I got let go today but my company (based in NYC) still owes me money, about $12,000 after tax, roughly. Shortly after letting me go, the company asked me to sign a general release. This, in theory, would release them from having to pay me my salary. This seems to me to be an extremely morally suspect move.

Am I right in thinking this? How should I proceed? I am asking law friends to recommend some employment lawyers, but other than this, can I do anything else? I want to claim unemployment ASAP and start working elsewhere ASAP, but I obviously cannot afford to sign a general release and let go of my claim to unpaid salary. Any advice is greatly appreciated. Please let me know if there are any clarifying questions.

This is related to this question on Personal Finance StackExchange and this question on Law StackExchange.

  • People on here are likely going to complain that if something is moral is not a legal question, so I am commenting instead of answering, but yeah don't sign it. – Putvi May 8 '19 at 19:25
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    What is the company offering in return for you signing this release? – brhans May 8 '19 at 19:29
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    I'm being released from restrictive covenants, but they can't enforce them anyway since they can't pay them. In return I release all legal claims and agree to "make myself available" to answer questions arising from my work. Forget that! – Scott Skiles May 8 '19 at 19:32

How should I proceed? I am asking law friends to recommend some employment lawyers, but other than this, can I do anything else?

You definitely don't need an employment lawyer for this. From a legal standpoint, the matter is very simple: If you grant their request (whether by signing or otherwise expressing your acceptance), you would be waiving any remedies currently available to you for their breach of contract.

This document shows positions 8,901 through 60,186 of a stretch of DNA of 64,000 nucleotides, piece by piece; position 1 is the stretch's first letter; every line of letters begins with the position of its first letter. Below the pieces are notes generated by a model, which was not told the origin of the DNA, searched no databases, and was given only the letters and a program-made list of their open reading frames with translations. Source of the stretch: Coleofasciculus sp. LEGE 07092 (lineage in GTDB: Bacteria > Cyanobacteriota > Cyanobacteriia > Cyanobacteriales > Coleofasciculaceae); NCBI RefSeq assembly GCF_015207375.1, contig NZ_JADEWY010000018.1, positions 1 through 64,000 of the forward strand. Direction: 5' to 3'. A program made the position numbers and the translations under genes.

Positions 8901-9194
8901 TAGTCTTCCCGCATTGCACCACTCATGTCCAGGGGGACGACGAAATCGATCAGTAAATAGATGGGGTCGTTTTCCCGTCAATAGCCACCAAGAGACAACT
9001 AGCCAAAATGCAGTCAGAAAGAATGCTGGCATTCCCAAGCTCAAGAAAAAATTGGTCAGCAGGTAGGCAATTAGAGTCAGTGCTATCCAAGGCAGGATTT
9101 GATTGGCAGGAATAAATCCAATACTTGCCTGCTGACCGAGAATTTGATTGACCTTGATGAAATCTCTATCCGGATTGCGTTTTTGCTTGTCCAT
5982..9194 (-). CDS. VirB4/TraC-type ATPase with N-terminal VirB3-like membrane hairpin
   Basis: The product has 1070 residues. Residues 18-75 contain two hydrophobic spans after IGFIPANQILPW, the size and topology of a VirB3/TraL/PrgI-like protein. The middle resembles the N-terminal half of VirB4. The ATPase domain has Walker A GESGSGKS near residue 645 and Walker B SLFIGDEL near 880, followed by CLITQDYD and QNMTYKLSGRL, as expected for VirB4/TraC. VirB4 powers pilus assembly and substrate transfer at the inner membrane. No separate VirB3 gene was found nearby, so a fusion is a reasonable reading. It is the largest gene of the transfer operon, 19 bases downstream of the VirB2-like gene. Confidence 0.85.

The company's attempt to override its contract with you is quite naive, but the company can always (and evidently does) try to get away with its liability nonetheless. I would not be surprised if the company subsequently tries harder to intimidate you, but that does not change your legal position & merits unless you sign the waiver the company is pursuing.

Asking for your post-termination availability reinforces the notion of company's poor planning and subpar management.

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    Could OP offer to sign the release on condition of payment of the $12,000? – phoog May 8 '19 at 22:41
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    @emory Sure. Most companies do sweeten these deals with a nice severance package. But my question is really about the legal implications of explicitly offering to sign subject to such a condition. – phoog May 9 '19 at 1:07
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    @emory As I understand it, if OP says "I'll sign if you pay the wages you owe me" that is not a contract, but an offer. Iñaki Viggers: the release is the company asking the employee to undertake not to sue. In a normal case, the consideration would be the severance package, wouldn't it? I doubt the back wages can be consideration, since the company already owes those. If the employee signs the release without some consideration, how could the company even enforce it? – phoog May 9 '19 at 15:06
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    Bingo, @phoog. Past consideration as well as any act a party is already legally obligated to perform cannot serve as consideration for any new contract. That said, and I'm only speculating now as I do not have enough info from OP to come to a conclusion, but the doctrine of promissory estoppel may be relevant here. – A.fm. May 9 '19 at 15:24
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    @phoog The OP's comment reflects the company's consideration being a release "from restrictive covenants". Conflating in a new contract (1) the release of the OP from covenants, (2) the amount owed to the OP, and (3) the requirement that the OP "make [him]self available to answer questions [about the OP's work]" can only complicate the OP's recovery of his overdue wages, because hitherto unrelated matters now are intertwined in that new agreement. – Iñaki Viggers May 9 '19 at 16:59

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